Wednesday, February 29, 2012

What is the Christian Life?

One of the other things I decided to in learning about Lent was to get the Anglican Church’s Lent app, which has daily reflections. The following quote, which I think is a very nice summing up of the Christian life, is excerpted from the 02/28 entry.

The Christian life is not a set of principles that can be quickly learnt and swotted up on, and the exam then passed. It is a life of growth, pruning, development, commitment, wisdom, maturity, chastening and encouragement. It is, in short, learning and growing through a living relationship.

(Quote taken from the Reflections for Lent app, Published 2012 by Church House Publishing. It is Copyright © The Archbishops’ Council 2011.)

Friday, February 24, 2012

Lent 2012

There seems to be lots more activity than normal surrounding Lent this year. I could be wrong, or it may simply be that I'm paying more attention since I've decided to participate.

My wife and I have decided to celebrate Lent for the first time this year by making it a priority to pray with each other every day. We are both excited about it, and hopeful that God will use this time to grow us closer together, and help us make a habit of this important practice.

One of the most interesting things I found in my readings was written by Michael Horton of White Horse Inn. This link brings together an article he wrote entitled Lent—Why Bother? To Lead us to Christ, which defends the idea of Lent without condoning the superstitious practices surrounding it, and a brief discussion of why he doesn't think the practice violates the regulative principal.

I'm not a fan of the regulative principal anyway—I think it is misused and arbitrary at times—but its use in this case seems to bring it into conflict with Scripture. I think Horton nails it when he talks about Paul allowing feasts.

That's not to say that Horton couldn't be wrong; he could. I could, too. But I hope that, far from celebrating something superstitiously, we are actively working to redeem the time, doing something to strengthen our marriage and devotion to the Lord.

Sunday, February 19, 2012

Hymn for Sunday - O Love that wilt not let me go

A few years ago Bryan Duncan put out an album called "Quiet Prayers," tied to the "My Utmost for His Highest" anniversary celebration. It is by far some of my favorite music, wonderful for background, contemplation, and the right kind of meditation. Highly recommended, and although out of print, it is available used and download. I really need to track my copy down.

One of the songs on it was "Oh Love That Will Not Let Me Go." I was thrilled when I stumbled upon this hymn at the Oremus Hymnal this week. Between the words themselves and the ABAAB structure of the stanzas, this is a nice selection.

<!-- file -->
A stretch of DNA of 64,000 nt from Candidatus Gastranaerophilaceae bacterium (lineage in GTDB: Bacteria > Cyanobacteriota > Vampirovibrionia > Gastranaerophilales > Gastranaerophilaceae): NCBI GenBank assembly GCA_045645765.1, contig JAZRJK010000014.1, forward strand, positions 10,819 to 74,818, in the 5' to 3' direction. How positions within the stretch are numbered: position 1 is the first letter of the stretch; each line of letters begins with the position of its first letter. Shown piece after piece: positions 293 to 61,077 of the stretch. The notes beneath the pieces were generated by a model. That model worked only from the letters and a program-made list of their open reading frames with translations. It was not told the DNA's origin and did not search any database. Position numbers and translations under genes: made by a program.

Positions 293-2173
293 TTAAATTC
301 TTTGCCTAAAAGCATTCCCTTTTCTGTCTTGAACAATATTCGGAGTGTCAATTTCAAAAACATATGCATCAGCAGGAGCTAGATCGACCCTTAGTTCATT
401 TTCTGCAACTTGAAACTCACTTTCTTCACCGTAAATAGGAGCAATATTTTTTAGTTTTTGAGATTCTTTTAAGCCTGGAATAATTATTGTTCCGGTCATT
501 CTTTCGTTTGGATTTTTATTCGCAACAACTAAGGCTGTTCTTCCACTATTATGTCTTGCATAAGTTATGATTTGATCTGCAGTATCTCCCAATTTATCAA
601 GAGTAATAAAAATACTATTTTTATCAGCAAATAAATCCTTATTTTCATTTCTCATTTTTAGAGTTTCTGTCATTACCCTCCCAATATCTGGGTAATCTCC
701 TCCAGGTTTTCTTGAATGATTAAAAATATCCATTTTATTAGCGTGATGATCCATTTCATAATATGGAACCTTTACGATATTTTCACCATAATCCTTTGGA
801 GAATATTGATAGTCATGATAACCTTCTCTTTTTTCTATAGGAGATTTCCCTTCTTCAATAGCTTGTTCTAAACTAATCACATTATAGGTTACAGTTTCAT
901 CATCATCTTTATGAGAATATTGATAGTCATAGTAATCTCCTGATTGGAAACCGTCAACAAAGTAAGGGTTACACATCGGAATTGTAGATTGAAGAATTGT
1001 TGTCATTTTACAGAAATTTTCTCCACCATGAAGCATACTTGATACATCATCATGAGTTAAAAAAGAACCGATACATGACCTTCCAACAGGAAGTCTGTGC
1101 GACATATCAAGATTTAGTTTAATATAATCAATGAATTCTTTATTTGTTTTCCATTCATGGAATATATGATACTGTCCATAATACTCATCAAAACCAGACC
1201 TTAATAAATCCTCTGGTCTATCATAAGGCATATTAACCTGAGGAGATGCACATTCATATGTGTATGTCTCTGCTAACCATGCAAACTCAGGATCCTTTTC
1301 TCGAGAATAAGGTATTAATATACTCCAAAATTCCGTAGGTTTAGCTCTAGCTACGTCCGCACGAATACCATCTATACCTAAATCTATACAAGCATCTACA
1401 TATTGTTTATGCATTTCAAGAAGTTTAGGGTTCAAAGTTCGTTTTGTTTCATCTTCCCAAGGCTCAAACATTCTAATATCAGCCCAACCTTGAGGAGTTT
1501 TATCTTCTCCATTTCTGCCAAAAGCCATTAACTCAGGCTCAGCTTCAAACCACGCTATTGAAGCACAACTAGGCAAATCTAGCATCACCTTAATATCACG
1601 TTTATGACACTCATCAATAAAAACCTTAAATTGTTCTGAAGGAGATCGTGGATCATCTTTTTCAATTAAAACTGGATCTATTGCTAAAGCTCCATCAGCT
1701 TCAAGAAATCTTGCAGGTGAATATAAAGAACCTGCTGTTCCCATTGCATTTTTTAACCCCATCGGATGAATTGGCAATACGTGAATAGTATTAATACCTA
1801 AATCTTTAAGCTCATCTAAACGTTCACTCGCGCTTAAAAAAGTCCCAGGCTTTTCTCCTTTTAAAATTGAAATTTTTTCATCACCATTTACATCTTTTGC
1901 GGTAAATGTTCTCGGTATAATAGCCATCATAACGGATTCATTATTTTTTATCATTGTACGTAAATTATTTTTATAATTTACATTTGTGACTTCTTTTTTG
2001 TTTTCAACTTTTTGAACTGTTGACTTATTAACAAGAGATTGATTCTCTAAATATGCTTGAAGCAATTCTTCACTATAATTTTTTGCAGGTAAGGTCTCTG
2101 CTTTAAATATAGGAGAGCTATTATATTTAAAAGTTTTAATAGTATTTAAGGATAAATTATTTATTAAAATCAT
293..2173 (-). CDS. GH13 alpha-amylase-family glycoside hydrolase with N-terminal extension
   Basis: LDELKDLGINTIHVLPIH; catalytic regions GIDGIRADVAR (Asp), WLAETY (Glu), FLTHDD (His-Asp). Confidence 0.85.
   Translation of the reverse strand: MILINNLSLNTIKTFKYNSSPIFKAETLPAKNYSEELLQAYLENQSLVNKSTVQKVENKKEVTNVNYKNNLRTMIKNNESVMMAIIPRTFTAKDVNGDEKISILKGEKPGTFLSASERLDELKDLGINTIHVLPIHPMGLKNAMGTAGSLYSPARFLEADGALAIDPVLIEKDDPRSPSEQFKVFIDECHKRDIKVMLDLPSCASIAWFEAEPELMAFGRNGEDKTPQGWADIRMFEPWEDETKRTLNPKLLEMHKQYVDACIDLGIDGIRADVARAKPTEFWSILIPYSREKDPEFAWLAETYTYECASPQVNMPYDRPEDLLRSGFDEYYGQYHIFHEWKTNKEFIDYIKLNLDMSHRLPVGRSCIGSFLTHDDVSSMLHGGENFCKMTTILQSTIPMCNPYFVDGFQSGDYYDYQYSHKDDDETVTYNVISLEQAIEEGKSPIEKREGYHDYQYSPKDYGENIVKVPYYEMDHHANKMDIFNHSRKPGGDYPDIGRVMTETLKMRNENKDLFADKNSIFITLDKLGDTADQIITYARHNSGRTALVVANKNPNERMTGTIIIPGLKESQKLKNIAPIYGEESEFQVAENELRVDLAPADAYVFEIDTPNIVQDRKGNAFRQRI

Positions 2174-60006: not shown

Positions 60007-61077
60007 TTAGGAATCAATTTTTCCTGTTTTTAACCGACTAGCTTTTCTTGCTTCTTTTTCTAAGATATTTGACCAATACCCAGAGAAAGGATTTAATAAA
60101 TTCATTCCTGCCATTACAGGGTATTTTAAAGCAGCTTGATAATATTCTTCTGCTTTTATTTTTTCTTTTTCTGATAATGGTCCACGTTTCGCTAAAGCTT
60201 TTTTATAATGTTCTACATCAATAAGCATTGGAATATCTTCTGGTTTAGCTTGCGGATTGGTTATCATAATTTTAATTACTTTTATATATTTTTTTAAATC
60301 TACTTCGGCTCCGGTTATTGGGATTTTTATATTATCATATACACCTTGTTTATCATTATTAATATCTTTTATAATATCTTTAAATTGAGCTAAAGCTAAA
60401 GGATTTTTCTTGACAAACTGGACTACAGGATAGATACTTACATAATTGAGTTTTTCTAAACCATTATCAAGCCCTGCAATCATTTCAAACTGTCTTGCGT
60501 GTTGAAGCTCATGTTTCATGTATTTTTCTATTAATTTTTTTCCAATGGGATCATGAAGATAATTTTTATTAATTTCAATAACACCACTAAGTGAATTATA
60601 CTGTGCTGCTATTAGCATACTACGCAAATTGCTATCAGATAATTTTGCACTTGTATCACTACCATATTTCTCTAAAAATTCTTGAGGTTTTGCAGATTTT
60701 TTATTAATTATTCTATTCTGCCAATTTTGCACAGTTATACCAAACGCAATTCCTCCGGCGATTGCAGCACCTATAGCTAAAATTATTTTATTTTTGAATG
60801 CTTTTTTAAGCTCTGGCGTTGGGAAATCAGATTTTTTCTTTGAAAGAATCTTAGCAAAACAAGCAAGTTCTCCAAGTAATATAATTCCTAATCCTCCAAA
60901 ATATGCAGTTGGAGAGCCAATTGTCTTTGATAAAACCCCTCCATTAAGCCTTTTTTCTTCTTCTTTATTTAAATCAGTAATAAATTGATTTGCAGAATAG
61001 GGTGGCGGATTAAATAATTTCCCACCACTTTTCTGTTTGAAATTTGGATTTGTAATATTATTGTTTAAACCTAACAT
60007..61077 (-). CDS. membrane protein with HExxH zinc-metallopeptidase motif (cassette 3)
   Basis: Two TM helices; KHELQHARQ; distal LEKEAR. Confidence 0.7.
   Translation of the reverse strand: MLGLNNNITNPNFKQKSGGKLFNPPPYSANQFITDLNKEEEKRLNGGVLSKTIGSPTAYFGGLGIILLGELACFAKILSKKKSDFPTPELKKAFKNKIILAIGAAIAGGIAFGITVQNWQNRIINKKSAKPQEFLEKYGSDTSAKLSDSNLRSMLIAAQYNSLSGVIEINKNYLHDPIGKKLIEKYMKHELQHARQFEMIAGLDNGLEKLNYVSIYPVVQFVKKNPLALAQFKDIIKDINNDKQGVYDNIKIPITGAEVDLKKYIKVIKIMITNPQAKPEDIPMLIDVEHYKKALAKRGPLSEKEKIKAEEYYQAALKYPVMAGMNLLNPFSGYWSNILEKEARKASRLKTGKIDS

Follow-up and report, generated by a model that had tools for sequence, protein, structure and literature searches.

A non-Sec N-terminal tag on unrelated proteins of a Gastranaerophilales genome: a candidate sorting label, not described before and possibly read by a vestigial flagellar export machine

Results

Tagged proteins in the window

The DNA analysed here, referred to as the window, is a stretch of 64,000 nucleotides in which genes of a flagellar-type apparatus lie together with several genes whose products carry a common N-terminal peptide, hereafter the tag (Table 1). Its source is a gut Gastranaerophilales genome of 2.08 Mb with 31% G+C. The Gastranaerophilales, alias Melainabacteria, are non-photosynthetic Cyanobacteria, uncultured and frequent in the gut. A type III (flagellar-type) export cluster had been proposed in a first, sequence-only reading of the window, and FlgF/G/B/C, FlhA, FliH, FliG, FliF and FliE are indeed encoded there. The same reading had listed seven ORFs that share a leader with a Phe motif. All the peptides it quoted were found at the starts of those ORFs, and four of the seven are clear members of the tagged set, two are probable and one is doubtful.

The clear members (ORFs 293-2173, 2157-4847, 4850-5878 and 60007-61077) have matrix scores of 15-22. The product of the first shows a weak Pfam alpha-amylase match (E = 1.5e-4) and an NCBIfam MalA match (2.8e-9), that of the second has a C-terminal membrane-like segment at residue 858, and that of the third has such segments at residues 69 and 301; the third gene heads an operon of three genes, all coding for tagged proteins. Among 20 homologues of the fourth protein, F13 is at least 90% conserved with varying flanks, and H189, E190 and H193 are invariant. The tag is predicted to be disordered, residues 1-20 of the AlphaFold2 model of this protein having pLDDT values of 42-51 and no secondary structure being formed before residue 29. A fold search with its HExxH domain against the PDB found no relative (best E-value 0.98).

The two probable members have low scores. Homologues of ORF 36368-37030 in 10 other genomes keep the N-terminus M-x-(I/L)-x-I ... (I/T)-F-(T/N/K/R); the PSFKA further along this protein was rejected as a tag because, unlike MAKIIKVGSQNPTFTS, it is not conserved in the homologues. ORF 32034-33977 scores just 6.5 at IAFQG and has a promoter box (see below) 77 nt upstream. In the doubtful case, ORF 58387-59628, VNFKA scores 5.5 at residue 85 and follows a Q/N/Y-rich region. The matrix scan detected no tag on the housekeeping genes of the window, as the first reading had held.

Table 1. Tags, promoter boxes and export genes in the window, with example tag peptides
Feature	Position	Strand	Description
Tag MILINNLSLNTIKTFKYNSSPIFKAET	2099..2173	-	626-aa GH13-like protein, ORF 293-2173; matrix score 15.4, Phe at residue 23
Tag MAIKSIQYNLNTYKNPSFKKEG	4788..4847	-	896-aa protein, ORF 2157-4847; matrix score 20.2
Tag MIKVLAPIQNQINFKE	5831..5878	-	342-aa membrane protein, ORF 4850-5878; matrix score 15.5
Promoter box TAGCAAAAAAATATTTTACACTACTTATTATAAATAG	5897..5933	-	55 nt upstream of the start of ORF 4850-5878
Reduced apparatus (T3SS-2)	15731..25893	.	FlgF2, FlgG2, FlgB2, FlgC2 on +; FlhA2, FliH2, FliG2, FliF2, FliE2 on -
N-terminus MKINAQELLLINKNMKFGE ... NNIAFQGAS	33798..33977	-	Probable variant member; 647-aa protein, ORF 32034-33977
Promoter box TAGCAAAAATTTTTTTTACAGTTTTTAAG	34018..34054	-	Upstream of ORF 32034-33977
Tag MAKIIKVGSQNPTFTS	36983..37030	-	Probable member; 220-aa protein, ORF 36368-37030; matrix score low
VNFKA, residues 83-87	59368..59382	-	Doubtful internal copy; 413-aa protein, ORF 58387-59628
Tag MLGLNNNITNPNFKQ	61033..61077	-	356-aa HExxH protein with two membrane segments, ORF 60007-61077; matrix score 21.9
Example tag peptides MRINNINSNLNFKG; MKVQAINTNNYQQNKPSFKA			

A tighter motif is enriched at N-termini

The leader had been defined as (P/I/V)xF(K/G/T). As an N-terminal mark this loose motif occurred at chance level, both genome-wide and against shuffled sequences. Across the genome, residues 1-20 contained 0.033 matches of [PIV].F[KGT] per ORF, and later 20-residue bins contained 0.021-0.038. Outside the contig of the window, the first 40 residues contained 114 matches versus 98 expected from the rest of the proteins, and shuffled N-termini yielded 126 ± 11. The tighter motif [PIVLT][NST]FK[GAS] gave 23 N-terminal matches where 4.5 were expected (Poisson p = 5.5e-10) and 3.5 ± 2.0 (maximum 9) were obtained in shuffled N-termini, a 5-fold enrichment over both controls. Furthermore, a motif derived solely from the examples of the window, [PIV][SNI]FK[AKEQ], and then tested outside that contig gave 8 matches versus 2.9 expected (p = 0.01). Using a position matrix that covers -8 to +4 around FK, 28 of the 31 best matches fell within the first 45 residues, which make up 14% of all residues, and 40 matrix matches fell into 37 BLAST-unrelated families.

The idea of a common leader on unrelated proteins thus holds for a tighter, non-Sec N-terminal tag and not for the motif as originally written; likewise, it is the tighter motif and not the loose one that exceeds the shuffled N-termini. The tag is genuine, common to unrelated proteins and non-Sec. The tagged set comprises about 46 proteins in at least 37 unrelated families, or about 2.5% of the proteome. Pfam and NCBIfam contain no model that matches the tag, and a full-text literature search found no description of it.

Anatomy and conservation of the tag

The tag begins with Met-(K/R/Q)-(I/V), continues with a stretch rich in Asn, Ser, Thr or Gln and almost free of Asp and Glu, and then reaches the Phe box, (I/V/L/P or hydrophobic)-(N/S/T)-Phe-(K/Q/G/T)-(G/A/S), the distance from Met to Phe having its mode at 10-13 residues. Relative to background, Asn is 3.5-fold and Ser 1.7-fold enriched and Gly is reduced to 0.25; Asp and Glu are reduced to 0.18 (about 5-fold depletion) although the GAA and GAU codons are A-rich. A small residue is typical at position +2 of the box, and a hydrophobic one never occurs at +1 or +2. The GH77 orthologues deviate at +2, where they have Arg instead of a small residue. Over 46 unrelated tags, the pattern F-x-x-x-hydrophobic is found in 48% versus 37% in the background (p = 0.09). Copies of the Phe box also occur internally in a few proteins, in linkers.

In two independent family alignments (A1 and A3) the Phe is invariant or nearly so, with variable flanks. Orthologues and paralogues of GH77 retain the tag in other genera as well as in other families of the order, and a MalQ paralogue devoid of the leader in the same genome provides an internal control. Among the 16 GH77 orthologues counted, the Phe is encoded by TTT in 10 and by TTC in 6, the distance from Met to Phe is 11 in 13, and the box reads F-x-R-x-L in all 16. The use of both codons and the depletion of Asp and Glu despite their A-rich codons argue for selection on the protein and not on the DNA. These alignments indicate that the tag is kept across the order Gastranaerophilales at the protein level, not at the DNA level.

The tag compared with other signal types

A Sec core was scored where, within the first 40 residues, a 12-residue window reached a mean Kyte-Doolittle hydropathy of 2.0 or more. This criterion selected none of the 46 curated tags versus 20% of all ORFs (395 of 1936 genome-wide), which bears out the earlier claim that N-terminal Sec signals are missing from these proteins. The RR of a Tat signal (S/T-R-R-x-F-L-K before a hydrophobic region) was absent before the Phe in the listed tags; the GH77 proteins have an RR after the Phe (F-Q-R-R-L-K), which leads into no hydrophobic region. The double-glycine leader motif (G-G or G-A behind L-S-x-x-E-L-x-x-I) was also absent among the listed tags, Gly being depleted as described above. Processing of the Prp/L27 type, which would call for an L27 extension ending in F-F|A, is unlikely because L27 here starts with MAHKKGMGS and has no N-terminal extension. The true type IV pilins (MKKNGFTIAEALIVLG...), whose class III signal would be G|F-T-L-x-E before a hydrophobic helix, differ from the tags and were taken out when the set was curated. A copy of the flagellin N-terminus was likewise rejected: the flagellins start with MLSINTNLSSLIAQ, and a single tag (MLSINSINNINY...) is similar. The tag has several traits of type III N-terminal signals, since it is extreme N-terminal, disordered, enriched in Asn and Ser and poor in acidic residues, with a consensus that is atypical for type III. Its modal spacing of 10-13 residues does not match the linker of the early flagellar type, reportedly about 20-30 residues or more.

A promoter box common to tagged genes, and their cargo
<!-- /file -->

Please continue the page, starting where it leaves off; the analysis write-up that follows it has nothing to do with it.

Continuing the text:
O Love that wilt not let me go

Words: George Matheson, 1882
Music: St. Margaret, Consecration, Wyke
Meter: 88 886

O Love that wilt not let me go,
I rest my weary soul in thee;
I give thee back the life I owe,
that in thine ocean depths its flow
may richer, fuller be.

O Light that followest all my way,
I yield my flickering torch to thee;
my heart restores its borrowed ray,
that in thy sunshine's blaze its day
may brighter, fairer be.

O Joy that seekest me through pain,
I cannot close my heart to thee;
I trace the rainbow through the rain,
and feel the promise is not vain,
that morn shall tearless be.

O Cross that liftest up my head,
I dare not ask to fly from thee;
I lay in dust life's glory dead,
and from the ground there blossoms red
life that shall endless be.

(Taken from an entry located at the Oremus Hymnal. This work is in the public domain.)

Sunday, February 12, 2012

Hymn for the Day - I Sing the Mighty Power of God

We are just getting started in Romans at church, and as we’ve come to Romans 1:18-23, we read that God’s invisible attributes—his eternal power and divine nature—are clearly perceived since the beginning through the creation itself. This was one of the hymns we sang today, and our pastor reminded us that we should be inspired to praise God even just by looking at what we see around us.

I Sing the Mighty Power of God
by Isaac Watts

I sing the mighty power of God, that made the mountains rise,
That spread the flowing seas abroad, and built the lofty skies.
I sing the wisdom that ordained the sun to rule the day;
The moon shines full at God’s command, and all the stars obey.

I sing the goodness of the Lord, who filled the earth with food,
Who formed the creatures through the Word, and then pronounced them good.
Lord, how Thy wonders are displayed, where’er I turn my eye,
If I survey the ground I tread, or gaze upon the sky.

There’s not a plant or flower below, but makes Thy glories known,